Tuesday, June 20, 2006

Il Posto (Ermanno Olmi, 1961)

The unassuming grace of Ermanno Olmi’s early ‘60s feature, Il Posto (The Job), becomes even more apparent in the era of high concepts, expensive stars, and special effects. Employing amateurs and real citizens as extras, as well as filming in only actual locations, Olmi was able to elicit natural (not naturalistic) performances and involve the viewer in everyday life and struggles. If this concept seems slight or dull, especially when used to highlight a young man’s entry into a Kafkaesque office workforce, it is Olmi’s use of space and editing that imbues realism with the substance of art.

Il Posto is unabashedly autobiographical but strongly universal. It tells the story of Domenico (Sandro Panseri), a soulfully sad Italian youth from the suburbs applying for a big city career. He is subjected to simple psychological, physical, and mathematical exams, yet is degraded by literally competing beside a host of applicants of varying ages and expressions. The only saving grace is the presence of pretty Antonietta (Loredana Detto), the only other applicant of Domenico’s age group. She’s bright and assured where he’s uncertain and reticent. Olmi counterpoints their quietly budding relationship with the cul-de-sac existence of the office workers. While the employees have been hammered over the years into finding the office building as their primary place of life and existence, Domenico sees Antonietta as a new opportunity brought by the job. When they are separated by differing departments, Domenico, now an assistant mail worker, still tries to find chances to meet her. A New Year’s office party proves fruitless in his quest to make more of their relationship, but he still finds fun and excitement, however minor and short-lived, among his fellow drones. A clerk dies soon after, and Domenico obtains this position, providing an ambiguous end to the film and beginning to his office life.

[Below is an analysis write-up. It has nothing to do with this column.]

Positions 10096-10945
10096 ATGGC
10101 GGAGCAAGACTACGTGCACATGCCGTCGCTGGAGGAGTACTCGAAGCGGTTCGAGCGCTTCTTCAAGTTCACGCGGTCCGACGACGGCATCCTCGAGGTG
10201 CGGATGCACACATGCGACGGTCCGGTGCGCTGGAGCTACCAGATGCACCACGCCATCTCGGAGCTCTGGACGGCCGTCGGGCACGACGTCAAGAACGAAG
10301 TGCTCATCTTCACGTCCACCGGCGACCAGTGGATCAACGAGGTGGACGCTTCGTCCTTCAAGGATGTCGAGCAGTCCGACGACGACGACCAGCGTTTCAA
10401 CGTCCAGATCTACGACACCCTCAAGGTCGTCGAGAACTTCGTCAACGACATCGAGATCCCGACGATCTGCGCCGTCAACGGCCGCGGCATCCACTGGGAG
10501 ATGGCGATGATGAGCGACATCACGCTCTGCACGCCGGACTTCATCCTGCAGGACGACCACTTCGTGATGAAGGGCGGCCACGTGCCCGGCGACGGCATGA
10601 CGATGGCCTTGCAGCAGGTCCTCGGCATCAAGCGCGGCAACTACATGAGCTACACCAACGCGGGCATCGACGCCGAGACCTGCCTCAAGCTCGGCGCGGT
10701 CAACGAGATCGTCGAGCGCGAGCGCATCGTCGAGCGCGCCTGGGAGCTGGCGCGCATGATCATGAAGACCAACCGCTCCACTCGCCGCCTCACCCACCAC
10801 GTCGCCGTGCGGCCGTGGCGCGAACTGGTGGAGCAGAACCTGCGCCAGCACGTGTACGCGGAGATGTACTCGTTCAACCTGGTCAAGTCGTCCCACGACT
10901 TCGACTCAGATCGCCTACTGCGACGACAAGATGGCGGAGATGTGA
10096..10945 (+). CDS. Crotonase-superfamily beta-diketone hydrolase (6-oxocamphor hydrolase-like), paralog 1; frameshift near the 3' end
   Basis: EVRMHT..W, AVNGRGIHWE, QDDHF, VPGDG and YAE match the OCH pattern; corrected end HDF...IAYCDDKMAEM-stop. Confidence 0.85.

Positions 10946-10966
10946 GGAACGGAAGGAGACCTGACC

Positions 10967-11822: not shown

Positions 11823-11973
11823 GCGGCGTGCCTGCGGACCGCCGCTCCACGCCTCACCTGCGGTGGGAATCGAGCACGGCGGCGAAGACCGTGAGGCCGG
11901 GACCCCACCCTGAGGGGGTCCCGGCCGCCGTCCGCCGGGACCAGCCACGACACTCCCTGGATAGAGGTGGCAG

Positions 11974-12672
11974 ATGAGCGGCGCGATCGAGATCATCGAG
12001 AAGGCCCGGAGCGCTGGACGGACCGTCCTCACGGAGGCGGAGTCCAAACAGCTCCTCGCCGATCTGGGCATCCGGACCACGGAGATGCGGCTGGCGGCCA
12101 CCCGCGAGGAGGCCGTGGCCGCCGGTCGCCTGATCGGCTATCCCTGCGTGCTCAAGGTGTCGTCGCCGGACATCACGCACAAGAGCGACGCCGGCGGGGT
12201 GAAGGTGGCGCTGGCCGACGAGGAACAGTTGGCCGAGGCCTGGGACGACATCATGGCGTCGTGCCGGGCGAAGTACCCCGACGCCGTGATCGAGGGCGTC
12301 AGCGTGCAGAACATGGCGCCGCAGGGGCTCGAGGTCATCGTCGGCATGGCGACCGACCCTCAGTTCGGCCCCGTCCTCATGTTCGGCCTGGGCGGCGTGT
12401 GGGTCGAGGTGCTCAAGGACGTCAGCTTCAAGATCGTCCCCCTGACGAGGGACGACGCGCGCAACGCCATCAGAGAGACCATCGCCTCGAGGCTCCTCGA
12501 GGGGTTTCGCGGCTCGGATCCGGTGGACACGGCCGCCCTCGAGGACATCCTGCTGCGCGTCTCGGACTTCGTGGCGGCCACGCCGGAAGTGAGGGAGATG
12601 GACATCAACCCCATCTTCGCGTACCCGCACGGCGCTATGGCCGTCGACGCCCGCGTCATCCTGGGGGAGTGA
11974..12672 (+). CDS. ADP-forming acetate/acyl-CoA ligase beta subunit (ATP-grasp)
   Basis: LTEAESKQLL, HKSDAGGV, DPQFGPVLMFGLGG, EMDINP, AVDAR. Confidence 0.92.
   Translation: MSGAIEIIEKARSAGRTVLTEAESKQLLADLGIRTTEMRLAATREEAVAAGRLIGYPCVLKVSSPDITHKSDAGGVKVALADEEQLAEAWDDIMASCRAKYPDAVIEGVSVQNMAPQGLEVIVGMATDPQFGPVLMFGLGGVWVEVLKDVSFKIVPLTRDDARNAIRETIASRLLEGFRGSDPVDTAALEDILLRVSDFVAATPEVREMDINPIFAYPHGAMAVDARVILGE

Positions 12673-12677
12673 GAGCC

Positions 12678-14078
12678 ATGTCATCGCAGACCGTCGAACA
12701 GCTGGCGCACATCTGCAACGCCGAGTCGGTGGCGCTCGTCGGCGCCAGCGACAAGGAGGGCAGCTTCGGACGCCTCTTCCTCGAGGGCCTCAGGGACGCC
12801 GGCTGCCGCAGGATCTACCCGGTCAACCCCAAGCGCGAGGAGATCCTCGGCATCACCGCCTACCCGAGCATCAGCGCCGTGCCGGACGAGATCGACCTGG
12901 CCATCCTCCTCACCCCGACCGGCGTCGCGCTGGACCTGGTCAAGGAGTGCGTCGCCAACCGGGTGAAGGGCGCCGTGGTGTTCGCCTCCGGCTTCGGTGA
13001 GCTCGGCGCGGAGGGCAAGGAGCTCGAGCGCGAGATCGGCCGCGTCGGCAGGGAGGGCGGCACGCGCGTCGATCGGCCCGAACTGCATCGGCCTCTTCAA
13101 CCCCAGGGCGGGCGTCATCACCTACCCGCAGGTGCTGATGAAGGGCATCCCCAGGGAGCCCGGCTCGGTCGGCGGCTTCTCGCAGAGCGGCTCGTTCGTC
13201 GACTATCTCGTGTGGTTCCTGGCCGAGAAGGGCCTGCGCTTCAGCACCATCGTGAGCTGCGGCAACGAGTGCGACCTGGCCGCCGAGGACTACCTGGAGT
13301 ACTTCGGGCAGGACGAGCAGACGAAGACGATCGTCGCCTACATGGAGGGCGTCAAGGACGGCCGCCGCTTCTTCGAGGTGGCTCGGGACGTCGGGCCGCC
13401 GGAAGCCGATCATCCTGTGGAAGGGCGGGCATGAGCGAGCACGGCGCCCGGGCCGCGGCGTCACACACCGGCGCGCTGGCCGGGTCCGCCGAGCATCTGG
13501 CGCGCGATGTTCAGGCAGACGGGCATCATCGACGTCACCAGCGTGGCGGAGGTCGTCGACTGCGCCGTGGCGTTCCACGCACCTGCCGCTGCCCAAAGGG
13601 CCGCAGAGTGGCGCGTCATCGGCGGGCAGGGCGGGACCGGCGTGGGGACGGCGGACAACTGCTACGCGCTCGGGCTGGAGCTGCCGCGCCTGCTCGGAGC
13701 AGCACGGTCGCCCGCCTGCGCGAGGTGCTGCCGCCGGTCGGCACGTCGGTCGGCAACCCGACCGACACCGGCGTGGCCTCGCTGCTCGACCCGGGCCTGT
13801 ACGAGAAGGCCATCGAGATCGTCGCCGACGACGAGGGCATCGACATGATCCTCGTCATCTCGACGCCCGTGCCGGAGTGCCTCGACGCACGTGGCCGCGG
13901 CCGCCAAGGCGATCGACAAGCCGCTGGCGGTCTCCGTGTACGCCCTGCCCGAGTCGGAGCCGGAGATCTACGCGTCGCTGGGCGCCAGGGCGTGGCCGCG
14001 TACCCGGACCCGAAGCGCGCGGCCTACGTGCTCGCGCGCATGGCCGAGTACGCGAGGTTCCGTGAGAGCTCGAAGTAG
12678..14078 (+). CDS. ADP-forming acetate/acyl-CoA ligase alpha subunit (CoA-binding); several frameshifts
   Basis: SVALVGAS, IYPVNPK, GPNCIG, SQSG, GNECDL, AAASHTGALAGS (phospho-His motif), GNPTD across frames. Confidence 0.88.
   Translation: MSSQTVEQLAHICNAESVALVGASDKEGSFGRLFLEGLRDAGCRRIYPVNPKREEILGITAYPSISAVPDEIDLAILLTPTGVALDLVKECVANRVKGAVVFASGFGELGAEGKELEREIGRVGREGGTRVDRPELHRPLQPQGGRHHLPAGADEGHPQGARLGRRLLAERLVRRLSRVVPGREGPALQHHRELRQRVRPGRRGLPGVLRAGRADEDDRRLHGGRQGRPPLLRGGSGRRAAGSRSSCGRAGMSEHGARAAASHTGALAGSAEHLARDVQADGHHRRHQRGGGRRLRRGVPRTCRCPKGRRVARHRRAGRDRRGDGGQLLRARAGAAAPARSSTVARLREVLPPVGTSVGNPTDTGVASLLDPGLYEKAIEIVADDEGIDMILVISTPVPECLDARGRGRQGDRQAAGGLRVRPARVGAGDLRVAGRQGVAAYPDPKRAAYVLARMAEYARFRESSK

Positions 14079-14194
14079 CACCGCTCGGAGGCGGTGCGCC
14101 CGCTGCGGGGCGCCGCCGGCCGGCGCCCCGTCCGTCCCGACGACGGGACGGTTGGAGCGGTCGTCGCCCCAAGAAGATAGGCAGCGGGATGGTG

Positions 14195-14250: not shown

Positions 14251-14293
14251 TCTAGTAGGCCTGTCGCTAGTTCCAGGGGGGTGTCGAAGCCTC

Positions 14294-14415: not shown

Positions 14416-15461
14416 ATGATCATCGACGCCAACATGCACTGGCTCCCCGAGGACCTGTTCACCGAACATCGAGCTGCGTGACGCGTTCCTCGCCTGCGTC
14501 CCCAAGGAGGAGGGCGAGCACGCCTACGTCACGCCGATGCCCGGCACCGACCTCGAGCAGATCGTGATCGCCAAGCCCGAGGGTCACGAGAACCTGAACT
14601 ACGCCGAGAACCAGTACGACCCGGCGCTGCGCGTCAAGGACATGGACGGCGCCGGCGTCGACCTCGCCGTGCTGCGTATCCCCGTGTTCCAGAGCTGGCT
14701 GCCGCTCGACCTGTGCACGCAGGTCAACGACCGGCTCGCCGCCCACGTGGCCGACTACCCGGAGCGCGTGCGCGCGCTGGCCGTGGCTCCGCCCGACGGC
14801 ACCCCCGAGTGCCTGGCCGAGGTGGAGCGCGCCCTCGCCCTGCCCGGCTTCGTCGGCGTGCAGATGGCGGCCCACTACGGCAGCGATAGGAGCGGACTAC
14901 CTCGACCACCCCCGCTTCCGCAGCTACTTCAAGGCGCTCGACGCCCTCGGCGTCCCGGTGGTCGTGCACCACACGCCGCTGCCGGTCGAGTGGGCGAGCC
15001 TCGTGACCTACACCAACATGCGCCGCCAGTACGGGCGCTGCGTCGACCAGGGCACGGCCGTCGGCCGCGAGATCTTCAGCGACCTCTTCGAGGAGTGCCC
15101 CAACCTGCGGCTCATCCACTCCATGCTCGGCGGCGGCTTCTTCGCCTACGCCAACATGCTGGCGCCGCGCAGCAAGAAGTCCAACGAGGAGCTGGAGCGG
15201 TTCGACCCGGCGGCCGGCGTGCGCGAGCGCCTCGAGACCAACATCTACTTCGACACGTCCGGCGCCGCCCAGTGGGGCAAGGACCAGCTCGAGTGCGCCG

Olmi’s strengths as a filmmaker lie in realism, performance, and sympathy. A true humanist, he finds the strengths and weaknesses of his characters as facets in the same raw gem. His cuts between the faces of Domenico and Antonietta, greatly enhanced by the unpolished beauty of Panseri and Detto, reveal more about their personalities than any number of pages of dialogue ever could. The darting of eyes, the pursing of lips...it is these facial tics that show the true nature of human beings, and Olmi captures them without force or urgency. But the director is not simply about close-ups; he also frames the crowded applicants like cattle in a pen, or a lone clerk engulfed by spacious, labyrinthine hallways. For all of the inherent social and economic commentary, there is much more importance weighted on people, relationships, and community. This is where Ermanno Olmi’s true allegiance and interests lie, not with observations only on the sordid state of the postwar world, but in the simple, uncertain, yet undeniably dramatic lives of everyday citizens.

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